Marketable Degrees for 2016
The news is increasingly rosy for those earning college degrees. Numerous forecasters and publications including the Wall Street Journal, say that the Class of 2016 could see the strongest job market of their generation.
It’s a strength the Journal expects to continue over at least the next decade, letting today’s college students get their careers off to a great start.
Where are the jobs and what education is needed to get them? Here are five marketable degrees for this year and beyond.
Year in, year out, a finance degree consistently is on most lists of the most marketable degrees. Part of the reason is sheer versatility. A finance degree opens doors in investment banking and on Wall Street.
Kiplinger sees the need for finance majors continuing to increase over the next 10 years, with increased regulations and ever-more complicated investment portfolios driving the demand.
Economics is another consistently marketable degree. Economics majors can find positions in government agencies but also in research, finance, and as consultants. Corporate jobs as financial managers are possibilities, too. Those interested in the private sector might want to consider a more tailored degree in business economics.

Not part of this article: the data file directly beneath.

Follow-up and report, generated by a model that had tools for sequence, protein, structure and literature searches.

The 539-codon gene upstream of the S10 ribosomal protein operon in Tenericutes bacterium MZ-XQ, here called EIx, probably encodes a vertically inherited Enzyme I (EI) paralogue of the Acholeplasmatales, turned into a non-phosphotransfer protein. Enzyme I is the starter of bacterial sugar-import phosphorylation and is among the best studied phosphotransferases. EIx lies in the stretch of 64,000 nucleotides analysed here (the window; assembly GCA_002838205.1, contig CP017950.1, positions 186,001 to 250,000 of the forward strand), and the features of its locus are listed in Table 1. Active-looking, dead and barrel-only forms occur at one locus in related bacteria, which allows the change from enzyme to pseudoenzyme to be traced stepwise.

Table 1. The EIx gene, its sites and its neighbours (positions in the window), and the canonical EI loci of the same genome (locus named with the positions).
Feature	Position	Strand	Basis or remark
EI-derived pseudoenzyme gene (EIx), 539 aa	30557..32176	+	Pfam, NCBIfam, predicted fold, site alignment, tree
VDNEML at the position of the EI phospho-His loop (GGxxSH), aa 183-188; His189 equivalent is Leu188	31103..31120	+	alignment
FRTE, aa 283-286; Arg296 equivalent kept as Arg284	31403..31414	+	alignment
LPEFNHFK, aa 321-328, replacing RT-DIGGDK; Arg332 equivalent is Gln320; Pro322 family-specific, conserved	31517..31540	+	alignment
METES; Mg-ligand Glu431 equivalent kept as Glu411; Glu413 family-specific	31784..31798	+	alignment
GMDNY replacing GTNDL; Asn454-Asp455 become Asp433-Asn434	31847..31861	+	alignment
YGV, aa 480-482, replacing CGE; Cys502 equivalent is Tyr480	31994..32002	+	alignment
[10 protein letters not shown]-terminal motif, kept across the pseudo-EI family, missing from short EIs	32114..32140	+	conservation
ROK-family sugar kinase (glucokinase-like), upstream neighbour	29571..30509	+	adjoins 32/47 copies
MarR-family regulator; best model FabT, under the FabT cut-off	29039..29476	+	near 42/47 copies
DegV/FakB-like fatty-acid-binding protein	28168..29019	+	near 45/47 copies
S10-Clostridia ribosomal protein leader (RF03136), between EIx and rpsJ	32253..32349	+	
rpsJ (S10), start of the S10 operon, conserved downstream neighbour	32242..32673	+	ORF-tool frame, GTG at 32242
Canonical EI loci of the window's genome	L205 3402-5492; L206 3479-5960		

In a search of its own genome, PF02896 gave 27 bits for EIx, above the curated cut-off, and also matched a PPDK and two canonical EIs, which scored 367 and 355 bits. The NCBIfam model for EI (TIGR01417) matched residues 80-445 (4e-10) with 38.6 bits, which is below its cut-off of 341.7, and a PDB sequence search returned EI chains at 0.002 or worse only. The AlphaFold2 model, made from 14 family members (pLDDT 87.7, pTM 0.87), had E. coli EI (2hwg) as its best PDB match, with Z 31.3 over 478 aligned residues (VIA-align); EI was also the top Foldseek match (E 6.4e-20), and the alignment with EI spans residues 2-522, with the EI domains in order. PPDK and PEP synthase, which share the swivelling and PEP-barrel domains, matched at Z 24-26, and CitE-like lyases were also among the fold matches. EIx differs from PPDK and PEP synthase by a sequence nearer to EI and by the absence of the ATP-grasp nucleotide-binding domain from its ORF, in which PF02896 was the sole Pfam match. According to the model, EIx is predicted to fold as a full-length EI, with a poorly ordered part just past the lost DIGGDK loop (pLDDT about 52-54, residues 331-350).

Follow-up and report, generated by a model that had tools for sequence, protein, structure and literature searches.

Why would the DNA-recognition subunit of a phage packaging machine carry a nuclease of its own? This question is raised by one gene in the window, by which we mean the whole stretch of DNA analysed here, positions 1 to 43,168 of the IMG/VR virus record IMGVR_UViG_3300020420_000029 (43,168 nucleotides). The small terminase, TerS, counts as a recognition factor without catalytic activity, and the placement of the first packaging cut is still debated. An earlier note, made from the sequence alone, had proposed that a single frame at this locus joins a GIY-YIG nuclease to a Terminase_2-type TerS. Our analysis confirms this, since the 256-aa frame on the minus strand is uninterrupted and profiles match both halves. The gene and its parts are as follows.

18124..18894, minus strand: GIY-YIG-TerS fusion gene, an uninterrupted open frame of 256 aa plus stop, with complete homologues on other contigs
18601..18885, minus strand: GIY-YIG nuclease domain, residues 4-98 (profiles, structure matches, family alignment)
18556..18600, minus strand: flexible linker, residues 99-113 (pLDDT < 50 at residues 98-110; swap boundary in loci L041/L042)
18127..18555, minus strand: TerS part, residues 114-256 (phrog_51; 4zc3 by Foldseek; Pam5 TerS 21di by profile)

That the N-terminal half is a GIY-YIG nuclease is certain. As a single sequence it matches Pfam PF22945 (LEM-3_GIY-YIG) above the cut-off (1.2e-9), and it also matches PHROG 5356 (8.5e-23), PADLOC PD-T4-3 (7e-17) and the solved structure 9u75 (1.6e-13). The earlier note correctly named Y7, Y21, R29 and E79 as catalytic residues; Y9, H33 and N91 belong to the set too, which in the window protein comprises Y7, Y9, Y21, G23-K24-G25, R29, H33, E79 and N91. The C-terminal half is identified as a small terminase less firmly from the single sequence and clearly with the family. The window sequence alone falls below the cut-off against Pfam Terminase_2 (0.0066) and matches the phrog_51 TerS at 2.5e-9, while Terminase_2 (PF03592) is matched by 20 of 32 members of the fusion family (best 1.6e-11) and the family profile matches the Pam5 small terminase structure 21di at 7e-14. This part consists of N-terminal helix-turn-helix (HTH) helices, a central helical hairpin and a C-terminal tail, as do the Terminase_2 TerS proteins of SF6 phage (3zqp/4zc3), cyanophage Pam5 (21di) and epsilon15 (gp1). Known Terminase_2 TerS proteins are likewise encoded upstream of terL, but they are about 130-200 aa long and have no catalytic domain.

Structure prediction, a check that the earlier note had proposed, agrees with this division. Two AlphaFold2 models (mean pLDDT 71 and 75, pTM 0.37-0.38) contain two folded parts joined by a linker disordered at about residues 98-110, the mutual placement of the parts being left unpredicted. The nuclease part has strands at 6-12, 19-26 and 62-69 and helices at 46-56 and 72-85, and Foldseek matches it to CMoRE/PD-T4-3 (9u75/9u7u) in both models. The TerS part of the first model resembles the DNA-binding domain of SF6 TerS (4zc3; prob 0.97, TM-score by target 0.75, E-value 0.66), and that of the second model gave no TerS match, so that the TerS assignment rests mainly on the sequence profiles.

Kiplinger sees heavier growth in demand for economics majors than for the finance degree over the next decade.
After years of job losses due to layoffs during the recession, teaching is making a comeback. The U.S. Bureau of Labor Statistics sees double-digit jobs growth through 2022 for elementary school teachers. The annual median pay’s not bad either, particularly considering there’s a summer vacation involved.
Childcare also is expected to be a growth occupation, according to the BLS.
Here’s another classically bankable major from the school of business. An accounting degree also allows a lot of choices as far as a career path. Most every business has an accounting department, and those that don’t will need to hire outside help.
With an average starting salary of $47,800 according to Forbes, and predictable schedules except for tax professionals in the spring, it’s a profession that allows practitioners to enjoy a livable income plus time to enjoy life.
Students aren’t the only ones looking to find a mental edge these days. So, too, are businesses. That’s led to the rise of organizational psychologists who test job applicants, help select employees, and work with those hired to increase their performance.
Such positions often require master’s degrees in psychology and clinical positions usually do as well.
Across the country, forecasters are filled with optimism for those with college degrees. The overall U.S. economy is expected to grow and with that will come increases in hiring.
Those who earn degrees in fields such as economics, finance, psychology, education, or accounting will be well positioned to take advantage of these new opportunities.
Written by Ashford University